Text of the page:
In the context of the wider Sandman – clearly, this tale does not make Dream look good. When we first saw Nada, we did not know what she had done to offend him, though ten thousand years in Hell seems excessive for pretty much anything. Now that we hear that he condemned her to Hell eternally (and how can he do that? what gives one of the Endless the power to send a person to Hell?) simply for refusing him – not because she didn’t love him, but in spite of loving him, and for very good reasons – well, our Dream does not seem overly concerned with people other than himself, and is not at all inclined to give up aught that he wants, and he does not take defiance or rejection well.
The Doll’s House
In a fascinating piece of worldbuilding – though perhaps with rather too much blue – we are introduced to a second of the realms of the Endless, that of Desire, and to two more of the Endless themselves – Desire and Despair. That makes four that we’ve met so far, along with Dream and Death. We can pick up by now that alliteration is their thing.
Immediately, we can see from Desire’s residence that s/he is more than a little self-obsessed. The most egomaniacal of human dictators are content with building large statues of themselves; Desire lives within a colossal one.
From the sequence of panels on the chapter’s fourth page – which is excellently minimalist – we learn that the Endless can “call” each other using their symbols, of which we see four. The helmet is for Dream, the ankh for Death – we saw her wearing it in the previous book – a ring that appears swan-shaped is Despair’s, but whose is the book? We’ll find out later. In addition, three of the Endless are “the Elder Three,” and it sounds like Dream is one of them. More mysteries.
For the moment, though, our concern is Desire and Despair. Desire seeks to have Dream fall in love with a woman who is a vortex – and Desire is also apparently the one responsible for Dream’s obsessive interest in Nada. Why does Desire want Dream to fall in love with mortals? Is s/he just being dickish, or is there some larger goal here?
We then turn to the story of Rose, who is on a mysterious all-expenses paid trip to England and is dreaming of the Dreamworld.
Lucien, apparently the bureaucrat of the Dreaming, is cataloguing its entities, checking whether any have disappeared, or appeared, in Morpheus’ absence. The art throughout this section is wonderful: the ridiculous amount of cute that is Goldie, the tall panels of Lucien moving through the dreaming, and finally, the most superlative panel of The Sandman yet…
Morpheus, looking particularly eldritch, stands in a building open to sky. In some ways the building recalls a cathedral, particularly in the use of stained glass (whom does it depict?), but it also contains statues uncannily similar to Desire’s, and the stained-glass window is topped by an ankh, Death’s symbol. It’s completely stunning. This is as good a place as any to say that it seems almost unfair that Gaiman alone is given as author of The Sandman, as the art plays as strong a role in the storytelling as the actual words do.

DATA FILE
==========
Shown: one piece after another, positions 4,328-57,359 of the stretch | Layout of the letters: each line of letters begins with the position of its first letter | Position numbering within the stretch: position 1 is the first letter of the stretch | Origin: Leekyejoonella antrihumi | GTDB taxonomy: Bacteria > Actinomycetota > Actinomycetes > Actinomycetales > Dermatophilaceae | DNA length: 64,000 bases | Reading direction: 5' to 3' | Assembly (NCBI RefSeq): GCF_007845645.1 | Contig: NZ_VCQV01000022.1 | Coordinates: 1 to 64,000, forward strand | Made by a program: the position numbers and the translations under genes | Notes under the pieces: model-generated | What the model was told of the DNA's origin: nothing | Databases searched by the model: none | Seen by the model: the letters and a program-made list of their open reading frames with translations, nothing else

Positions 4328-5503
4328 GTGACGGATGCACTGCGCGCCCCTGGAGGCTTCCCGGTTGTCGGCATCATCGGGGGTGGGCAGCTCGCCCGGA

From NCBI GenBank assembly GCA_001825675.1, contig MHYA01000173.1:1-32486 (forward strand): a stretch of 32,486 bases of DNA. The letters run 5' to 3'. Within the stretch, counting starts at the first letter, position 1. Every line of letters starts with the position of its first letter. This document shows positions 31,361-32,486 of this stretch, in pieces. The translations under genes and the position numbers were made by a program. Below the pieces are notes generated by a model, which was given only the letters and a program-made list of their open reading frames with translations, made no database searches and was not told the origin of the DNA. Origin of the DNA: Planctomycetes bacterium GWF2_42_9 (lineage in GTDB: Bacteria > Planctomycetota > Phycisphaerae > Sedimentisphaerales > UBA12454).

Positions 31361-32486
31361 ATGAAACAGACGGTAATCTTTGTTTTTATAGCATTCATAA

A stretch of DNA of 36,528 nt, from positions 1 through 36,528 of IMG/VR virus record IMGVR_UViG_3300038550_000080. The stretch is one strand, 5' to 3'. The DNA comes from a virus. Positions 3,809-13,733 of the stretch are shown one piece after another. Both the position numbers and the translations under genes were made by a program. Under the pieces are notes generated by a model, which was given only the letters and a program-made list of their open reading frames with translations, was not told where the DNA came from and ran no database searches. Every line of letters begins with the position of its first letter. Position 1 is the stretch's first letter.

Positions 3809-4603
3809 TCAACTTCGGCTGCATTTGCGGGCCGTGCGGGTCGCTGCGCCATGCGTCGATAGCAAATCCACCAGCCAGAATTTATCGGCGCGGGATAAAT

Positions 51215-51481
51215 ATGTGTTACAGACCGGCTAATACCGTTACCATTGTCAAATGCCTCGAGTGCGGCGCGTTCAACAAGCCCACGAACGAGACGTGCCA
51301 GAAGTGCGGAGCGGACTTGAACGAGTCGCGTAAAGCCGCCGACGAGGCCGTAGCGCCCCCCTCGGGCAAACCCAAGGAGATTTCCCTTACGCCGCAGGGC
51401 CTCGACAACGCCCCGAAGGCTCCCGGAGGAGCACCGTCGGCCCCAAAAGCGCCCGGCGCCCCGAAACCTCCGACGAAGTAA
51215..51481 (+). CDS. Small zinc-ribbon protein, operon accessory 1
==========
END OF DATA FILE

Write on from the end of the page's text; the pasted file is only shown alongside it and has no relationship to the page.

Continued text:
The next page, of the four “major arcana” we learn are missing from the Dreaming, is also artistically excellent. Brute, Glob, the Corinthian and Fiddler’s Green are their names. It’s clear by now – though we could have surmised it earlier from Cain – that the dreams Morpheus creates are not necessarily pleasant. The Corinthian, in particular, is “not the most social of nightmares” which sounds ominous. And Gaiman manages to stump me with the use of the word “vavasour” – which the OED, being wonderful, informs me means “a vassal of vassals”; in other words, Fiddler’s Green, while subordinate to Dream, had dominion over his own section of the Dreaing.
In addition, Morpheus is also aware of the vortex, and the vortex is in fact Rose. Rose is the granddaughter of Unity Kincaid, one of the victims of the “sleepy sickness” from the previous book, who was raped and bore a child as she slept.
Rose meets the three Fates, which seems unusual. Even Dream, one of the Endless, had to collect a set of objects in order to summon them, yet here they are showing up to talk to Rose of their own accord. They don’t actually tell her anything, though, aside from a lot of cryptic statements. It’s a scene were some of the little details in the writing are notable: the Fates call Rose by different names – “sister” for the Maiden, various motherly endearments as well as “daughter” from the Mother, and “child” from the crone. The owl and the cat…can the Fates appear as animals if they wish? That’s what I’m going with.
One thing that I only just picked up now – the panel of Rose, her mother and Unity in the mirror, two pages before Rose meets the Fates, is intended to mirror the Maiden, Mother and Crone.
The titular doll’s house is in Unity’s room, and in a strange sort of inversion of scale, Morpheus is inside it looking out one of the windows at Rose. Make of that what you will.
For a cliffhanger ending, we meet the Corinthian, and the ominousness of Morpheus’ statement regarding him appears entirely justified.